The Martian landscape is eerily similar to a desert landscape on Earth. Image Credit: YouTube / NASA JPL
A panoramic image taken from the slopes of Mount Sharp has revealed the Martian landscape in remarkable detail.
After spending the last twelve months atop Vera Rubin Ridge, the adventurous Mars rover is now heading to a trough known as Glen Torridon to study phyllosilicates - a type of clay mineral.
"In addition to indicating a previously wet environment, clay minerals are known to trap and preserve organic molecules," said Curiosity Project Scientist Ashwin Vasavada. "That makes this area especially promising, and the team is already surveying the area for its next drill site."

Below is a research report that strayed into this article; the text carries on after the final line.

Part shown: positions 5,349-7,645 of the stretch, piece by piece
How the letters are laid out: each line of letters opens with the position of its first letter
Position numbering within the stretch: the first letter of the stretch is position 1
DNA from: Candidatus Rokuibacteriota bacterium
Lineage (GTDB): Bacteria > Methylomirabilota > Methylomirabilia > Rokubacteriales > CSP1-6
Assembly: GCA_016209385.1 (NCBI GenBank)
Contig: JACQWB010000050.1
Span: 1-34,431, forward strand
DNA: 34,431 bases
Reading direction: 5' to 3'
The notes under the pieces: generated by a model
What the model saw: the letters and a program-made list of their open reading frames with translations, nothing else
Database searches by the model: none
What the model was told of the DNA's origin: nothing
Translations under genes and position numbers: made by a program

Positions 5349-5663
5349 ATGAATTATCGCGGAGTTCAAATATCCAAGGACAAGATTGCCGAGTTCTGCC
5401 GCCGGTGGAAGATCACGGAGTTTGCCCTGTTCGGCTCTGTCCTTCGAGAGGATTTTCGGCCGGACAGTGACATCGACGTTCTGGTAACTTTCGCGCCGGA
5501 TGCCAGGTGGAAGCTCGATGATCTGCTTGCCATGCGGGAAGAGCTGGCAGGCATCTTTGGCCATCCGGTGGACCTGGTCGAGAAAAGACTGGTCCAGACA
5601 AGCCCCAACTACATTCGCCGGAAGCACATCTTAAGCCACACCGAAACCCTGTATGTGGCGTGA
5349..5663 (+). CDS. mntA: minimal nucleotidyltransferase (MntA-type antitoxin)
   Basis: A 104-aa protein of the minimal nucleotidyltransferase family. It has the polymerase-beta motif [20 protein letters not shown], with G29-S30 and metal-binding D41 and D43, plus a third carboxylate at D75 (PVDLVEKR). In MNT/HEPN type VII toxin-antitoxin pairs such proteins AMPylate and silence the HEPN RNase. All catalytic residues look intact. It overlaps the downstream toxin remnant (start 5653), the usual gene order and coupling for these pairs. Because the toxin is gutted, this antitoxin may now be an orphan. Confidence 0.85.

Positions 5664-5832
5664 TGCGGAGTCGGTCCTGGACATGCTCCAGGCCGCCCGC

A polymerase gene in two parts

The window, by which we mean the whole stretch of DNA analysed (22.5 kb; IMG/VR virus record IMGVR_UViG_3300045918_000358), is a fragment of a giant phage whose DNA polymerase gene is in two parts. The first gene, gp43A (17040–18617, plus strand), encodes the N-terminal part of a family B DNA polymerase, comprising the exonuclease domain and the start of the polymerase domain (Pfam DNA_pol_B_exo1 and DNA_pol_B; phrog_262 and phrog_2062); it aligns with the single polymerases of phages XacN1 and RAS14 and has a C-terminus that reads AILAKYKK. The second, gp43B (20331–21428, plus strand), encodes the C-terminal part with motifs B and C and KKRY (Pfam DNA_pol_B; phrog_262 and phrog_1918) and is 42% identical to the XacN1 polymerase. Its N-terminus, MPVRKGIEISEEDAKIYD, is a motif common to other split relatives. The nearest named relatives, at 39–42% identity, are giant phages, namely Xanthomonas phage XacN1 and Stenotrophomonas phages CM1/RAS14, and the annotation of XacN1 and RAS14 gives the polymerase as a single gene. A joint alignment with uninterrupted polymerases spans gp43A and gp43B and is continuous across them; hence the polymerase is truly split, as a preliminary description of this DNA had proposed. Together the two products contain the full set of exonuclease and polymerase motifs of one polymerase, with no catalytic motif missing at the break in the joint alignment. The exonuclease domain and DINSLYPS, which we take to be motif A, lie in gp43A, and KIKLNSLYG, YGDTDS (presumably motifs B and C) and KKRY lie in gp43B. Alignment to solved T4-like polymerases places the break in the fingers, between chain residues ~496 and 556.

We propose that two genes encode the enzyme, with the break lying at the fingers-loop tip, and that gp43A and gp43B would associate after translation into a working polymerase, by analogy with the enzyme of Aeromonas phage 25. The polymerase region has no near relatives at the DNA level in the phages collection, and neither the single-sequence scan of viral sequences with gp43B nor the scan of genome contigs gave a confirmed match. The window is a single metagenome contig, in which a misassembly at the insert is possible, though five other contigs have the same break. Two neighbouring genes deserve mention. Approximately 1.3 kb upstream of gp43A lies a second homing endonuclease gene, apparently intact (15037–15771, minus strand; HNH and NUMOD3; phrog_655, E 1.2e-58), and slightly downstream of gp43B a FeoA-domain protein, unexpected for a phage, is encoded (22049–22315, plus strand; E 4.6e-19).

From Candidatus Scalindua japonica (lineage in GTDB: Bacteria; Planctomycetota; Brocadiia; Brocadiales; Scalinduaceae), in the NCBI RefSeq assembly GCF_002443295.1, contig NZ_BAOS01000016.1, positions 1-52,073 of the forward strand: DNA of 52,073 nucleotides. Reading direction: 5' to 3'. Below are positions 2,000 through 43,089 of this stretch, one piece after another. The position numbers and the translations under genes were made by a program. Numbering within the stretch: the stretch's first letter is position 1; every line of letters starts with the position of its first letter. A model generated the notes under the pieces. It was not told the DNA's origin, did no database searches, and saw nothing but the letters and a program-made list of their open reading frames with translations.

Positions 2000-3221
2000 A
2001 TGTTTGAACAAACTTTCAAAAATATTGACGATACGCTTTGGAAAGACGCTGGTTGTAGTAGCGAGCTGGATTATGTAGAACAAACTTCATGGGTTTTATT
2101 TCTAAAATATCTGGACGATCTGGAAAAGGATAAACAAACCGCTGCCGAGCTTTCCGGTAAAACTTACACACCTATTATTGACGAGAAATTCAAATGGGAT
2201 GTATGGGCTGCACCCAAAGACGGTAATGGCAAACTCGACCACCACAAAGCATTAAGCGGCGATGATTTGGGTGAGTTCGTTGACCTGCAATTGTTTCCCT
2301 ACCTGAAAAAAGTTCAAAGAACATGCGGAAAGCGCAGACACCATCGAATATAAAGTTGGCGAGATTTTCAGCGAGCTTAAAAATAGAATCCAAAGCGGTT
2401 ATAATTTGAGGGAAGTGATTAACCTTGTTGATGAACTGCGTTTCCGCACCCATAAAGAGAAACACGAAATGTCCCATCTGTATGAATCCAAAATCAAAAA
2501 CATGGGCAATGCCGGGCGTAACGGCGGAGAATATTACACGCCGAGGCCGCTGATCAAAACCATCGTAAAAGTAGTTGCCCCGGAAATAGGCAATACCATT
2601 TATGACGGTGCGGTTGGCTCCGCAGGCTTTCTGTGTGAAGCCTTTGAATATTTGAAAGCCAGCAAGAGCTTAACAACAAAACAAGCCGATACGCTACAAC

The panorama, which is made up of 122 separate photographs, was captured just before Curiosity headed away from Vera Rubin Ridge. The view includes Glen Torridon and upper Mount Sharp.
"We've had our fair share of surprises," said science team member Abigail Fraeman. "We're leaving with a different perspective of the ridge than what we had before."
To view the panorama, click and drag your mouse while playing the video below.
A full-sized, high-resolution version can be viewed - here.